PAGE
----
Breaking & Entering Lawyer Winnipeg

Break and Enter is a serious criminal offence.

Break and enter is often referred to as the “most serious property offence in the Criminal Code.” Oddly, despite the name the Crown Attorney does not need to prove that you broke in to commit the offence. Simply walking through an unlocked door into a residence, garage, warehouse or business may be enough to constitute an offence. There are three ways that the offence can be committed:

  1. Break and entering into a place with the intention to commit a criminal offence inside;
  2. Break and entering into a place and in fact committing a criminal offence inside; or,
  3. Breaking out of a place after committing a crime while inside (a rare situation, but may arise where person hides in a store until after it closes, steals goods and then breaks out of the store to make their escape).

When the police investigate break and entering, they will often rely upon video surveillance, eyewitness accounts, and forensic evidence such as fingerprint and DNA left at the scene and on objects the offender touched.

The offence of Break & Enter also include the lesser included offences of:

  1. Unlawfully in Dwelling House;
  2. Mischief; and,
  3. Forcible Entry.

The Sentence

Sentencing for break & enter depends on many factors, but in most cases the Crown Attorney will be seeking a period of jail. Break and enter can either be to a dwelling house or non-dwelling house. The maximum sentence for breaking into a dwelling house is life, while into a non-dwelling house is 10 years.

A break and enter into a person’s residence is treated more seriously than a non-residential property.

Depending on the circumstances surrounding the breaking and entering, this offence can carry among the highest sentences the court renders. When determine a sentence, the court will consider both the aggravating and mitigating factors. These factors include:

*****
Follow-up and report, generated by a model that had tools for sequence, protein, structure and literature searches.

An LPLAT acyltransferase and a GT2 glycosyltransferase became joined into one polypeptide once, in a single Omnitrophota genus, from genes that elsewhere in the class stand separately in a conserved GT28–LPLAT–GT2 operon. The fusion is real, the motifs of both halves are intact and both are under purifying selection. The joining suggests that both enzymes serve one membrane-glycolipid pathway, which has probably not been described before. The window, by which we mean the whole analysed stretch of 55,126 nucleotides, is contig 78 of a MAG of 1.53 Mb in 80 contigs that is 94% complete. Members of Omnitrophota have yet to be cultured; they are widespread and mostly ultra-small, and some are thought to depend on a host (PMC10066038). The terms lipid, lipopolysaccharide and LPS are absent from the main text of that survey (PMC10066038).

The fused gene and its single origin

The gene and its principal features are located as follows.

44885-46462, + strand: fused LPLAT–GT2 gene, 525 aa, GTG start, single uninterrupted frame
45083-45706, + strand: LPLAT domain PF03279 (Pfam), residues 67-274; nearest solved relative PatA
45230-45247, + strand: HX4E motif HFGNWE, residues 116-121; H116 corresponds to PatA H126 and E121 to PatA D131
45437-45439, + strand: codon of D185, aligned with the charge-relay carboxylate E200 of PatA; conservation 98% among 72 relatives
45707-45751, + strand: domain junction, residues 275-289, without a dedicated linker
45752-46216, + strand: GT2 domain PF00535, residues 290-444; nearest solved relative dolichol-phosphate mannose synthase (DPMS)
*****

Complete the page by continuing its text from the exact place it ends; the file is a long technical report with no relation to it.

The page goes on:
1. The break and enter was into a dwelling house, rather than non-dwelling house;
  2. The extent of preparation that involved in planning the offence;
  3. That the offender was on bail or parole at the time of the offence;
  4. That the offence was committed on behalf of a criminal organization;
  5. That the building was occupied at the time;
  6. The offender was aware or reckless to whether it was occupied;
  7. The individuals who occupied the premises were elderly, sick or disabled;
  8. The offender has prior record for similar offences;
  9. The break and enter resulted in vandalism or other significant property damage;
  10. Violence or the threats of violence were used during the commission of the offence;
  11. A weapon or firearm was used during the commission of the offence;
  12. The victims of the break and enter suffered trauma (be it physical or psychological);
  13. Whether the offence was domestic violence related;
  14. The offence was committed while children were present; and,
  15. That the offender was at-large at the time of the offence.

Defending Break and Enter Charges

I will assess all of the evidence the police obtained during the course of their investigation to determine if there are any weaknesses in the Crown’s case. The offence of breaking and entering requires more than just the culprit entering into the premises. The culprit must have either intended to commit an indictable offence, or committed an indictable offence while inside. There is a presumption under the criminal code that when a person break and enters into a place, in the absence of evidence to the contrary, is proof that he or she broke and entered into the place to commit an indictable offence. This presumption is rebuttable if the accused can present an explanation that is reasonably true.

Often these cases turn on single pieces of evidence. Sometimes it may be an eye witness account, a video, or DNA report. Each of these different types of evidence require a different strategy to be dealt with at trial, the ultimate objective of which is to undermine it’s credibility and reliability. After having fully reviewed the evidence and spoken to you about the case, I will consider:

• The sufficiency of the evidence in proving the identity of the perpetrator.
• If there are any lawful reasons or excuses for why you may have entered the placed.
• If there was no intention to commit an offence once you entered the place.
• The overall strength and weakness of the Crown’s case.

In some cases in makes the most sense to accept responsibility for the offence. Depending on your background and the circumstances surrounding the incident, you may be able to resolve your charge through the Winnipeg Drug Treatment Court, Winnipeg Mental Health Court, diversion programming, or a plea to a lesser included offence.

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